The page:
THE KING’S CHOICE, drama, not rated, in Nor­we­gian and Ger­man with sub­ti­tles, The Screen,

Pasatiempo - - MOVING IMAGES - Beyond the Fringe, Beyond the Fringe

Nor­way never stood a chance. The mo­ment Ger­many invaded, the end was a fore­gone con­clu­sion. The only ques­tion was whether Nor­way would go qui­etly or re­sist. Adolf Hitler pre­ferred a regime that would play nicely and give cover to his claim that the in­va­sion was for Nor­way’s own good — to pro­tect it from the British. The choice was up to the king. The king said no. In a sketch skew­er­ing World War II movies from the bril­liant ’60s British satir­i­cal re­vue a com­man­der calls a pi­lot in for a sui­cide mis­sion: “I want you to lay down your life, Perkins. We need a fu­tile ges­ture at this stage. It will raise the whole tone of the war.” The choice King Haakon VII ( Jes­per Chris­tensen) faces in this movie, an his­tor­i­cally ac­cu­rate retelling of the events of a few days in April 1940, is not dis­sim­i­lar. Re­sis­tance is fu­tile, and the con­se­quences are likely to be mea­sured in mas­sive loss of life, per­haps in­clud­ing the king’s. But the con­science of Nor­way de­mands it.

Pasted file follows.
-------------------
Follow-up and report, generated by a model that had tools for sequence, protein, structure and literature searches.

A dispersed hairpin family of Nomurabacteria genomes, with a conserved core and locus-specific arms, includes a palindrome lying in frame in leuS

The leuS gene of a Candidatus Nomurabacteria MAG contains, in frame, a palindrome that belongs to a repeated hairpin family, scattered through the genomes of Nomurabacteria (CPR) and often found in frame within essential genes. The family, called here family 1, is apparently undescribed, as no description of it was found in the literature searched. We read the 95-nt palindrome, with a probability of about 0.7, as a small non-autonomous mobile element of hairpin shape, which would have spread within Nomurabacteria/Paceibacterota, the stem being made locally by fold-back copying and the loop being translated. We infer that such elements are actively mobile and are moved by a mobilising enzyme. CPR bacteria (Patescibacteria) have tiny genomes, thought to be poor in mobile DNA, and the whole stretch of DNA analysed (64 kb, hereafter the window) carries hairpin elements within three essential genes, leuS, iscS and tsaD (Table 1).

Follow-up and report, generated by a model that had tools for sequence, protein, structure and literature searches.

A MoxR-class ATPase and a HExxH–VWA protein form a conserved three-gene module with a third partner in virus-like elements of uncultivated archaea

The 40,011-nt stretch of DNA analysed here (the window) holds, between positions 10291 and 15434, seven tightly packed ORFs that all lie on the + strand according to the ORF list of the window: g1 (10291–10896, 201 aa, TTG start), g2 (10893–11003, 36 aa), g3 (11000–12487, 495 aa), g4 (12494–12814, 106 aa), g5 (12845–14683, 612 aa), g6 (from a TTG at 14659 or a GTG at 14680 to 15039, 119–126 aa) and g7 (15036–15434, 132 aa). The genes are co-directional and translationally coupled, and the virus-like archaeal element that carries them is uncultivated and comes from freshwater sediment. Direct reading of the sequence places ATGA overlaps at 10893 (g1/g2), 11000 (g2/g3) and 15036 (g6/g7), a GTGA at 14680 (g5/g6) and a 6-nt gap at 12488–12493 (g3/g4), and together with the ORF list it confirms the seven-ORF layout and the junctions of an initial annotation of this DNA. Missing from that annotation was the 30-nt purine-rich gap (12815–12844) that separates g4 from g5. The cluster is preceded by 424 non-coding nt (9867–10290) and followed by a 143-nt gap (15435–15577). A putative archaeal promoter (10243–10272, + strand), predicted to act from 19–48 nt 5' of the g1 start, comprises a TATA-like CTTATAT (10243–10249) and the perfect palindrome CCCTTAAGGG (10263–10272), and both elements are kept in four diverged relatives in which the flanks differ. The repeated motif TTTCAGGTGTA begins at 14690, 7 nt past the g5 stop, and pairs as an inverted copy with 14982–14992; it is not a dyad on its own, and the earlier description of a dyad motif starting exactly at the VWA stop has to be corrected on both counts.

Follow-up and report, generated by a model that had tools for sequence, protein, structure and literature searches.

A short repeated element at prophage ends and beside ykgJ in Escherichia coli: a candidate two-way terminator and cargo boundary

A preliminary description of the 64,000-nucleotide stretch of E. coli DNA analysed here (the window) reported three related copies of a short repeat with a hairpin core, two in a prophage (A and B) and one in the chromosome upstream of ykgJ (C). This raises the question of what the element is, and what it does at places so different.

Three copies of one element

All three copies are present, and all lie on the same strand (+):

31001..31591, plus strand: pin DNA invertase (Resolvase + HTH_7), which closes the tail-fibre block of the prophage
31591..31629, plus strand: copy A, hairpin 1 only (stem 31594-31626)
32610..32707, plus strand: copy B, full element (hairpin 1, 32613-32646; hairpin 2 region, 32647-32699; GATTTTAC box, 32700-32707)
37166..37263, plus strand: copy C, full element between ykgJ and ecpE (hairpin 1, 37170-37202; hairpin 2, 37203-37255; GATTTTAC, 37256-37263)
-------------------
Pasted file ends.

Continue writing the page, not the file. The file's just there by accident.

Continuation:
Erik Poppe’s drama opens a win­dow into a pocket of his­tory that is not widely known these days out­side of its home coun­try. The film be­gins with some quick back­ground on King Haakon, a Dan­ish prince tapped in 1905 to become con­sti­tu­tional monarch of a Nor­way newly sep­a­rated from Swe­den. The post was largely cer­e­mo­nial, but that cer­e­mony be­came a cru­cial el­e­ment of the Nazi in­va­sion.

The first blow is struck by the Nor­we­gians, when the com­man­dant of the Os­cars­borg Fortress fires on an in­vad­ing flotilla of Ger­man war­ships steam­ing into the Oslofjord, sink­ing one and forc­ing the rest to re­treat. This buys a bit of time, and the king, his son Crown Prince Olav (An­ders Baasmo Chris­tiansen), and the rest of the fam­ily are able to es­cape to the north.

The Ger­man en­voy, Curt Bräuer (Karl Markovics, in a very Christoph Waltz role) is or­dered by Hitler to per­suade the king to ac­cept Ger­many’s pro­tec­tion. Bräuer gives his best “good Ger­man” ef­fort, but the king is in­tractable, es­pe­cially be­cause col­lab­o­ra­tion would mean ac­cept­ing as prime min­is­ter the detestable pro-Nazi Vid­kun Quis­ling, whose name has become syn­ony­mous with traitor (Poppe does not even deign to give him screen time).

There are wooden stretches and some clichéd diver­sions (the fresh­faced teenage sol­diers hold­ing back ad­vanc­ing Ger­man forces) that fit the model and de­tract from the film’s im­pact. But Chris­tensen makes a hag­gard, noble King Haakon, and shows us the hu­man be­ing in­side the royal garb. And he gives us a glimpse into why this man, who held fast to his prin­ci­ples, re­mains a cher­ished fig­ure in Nor­way to­day. — Jonathan Richards

Newspapers in English

Newspapers from USA

© PressReader. All rights reserved.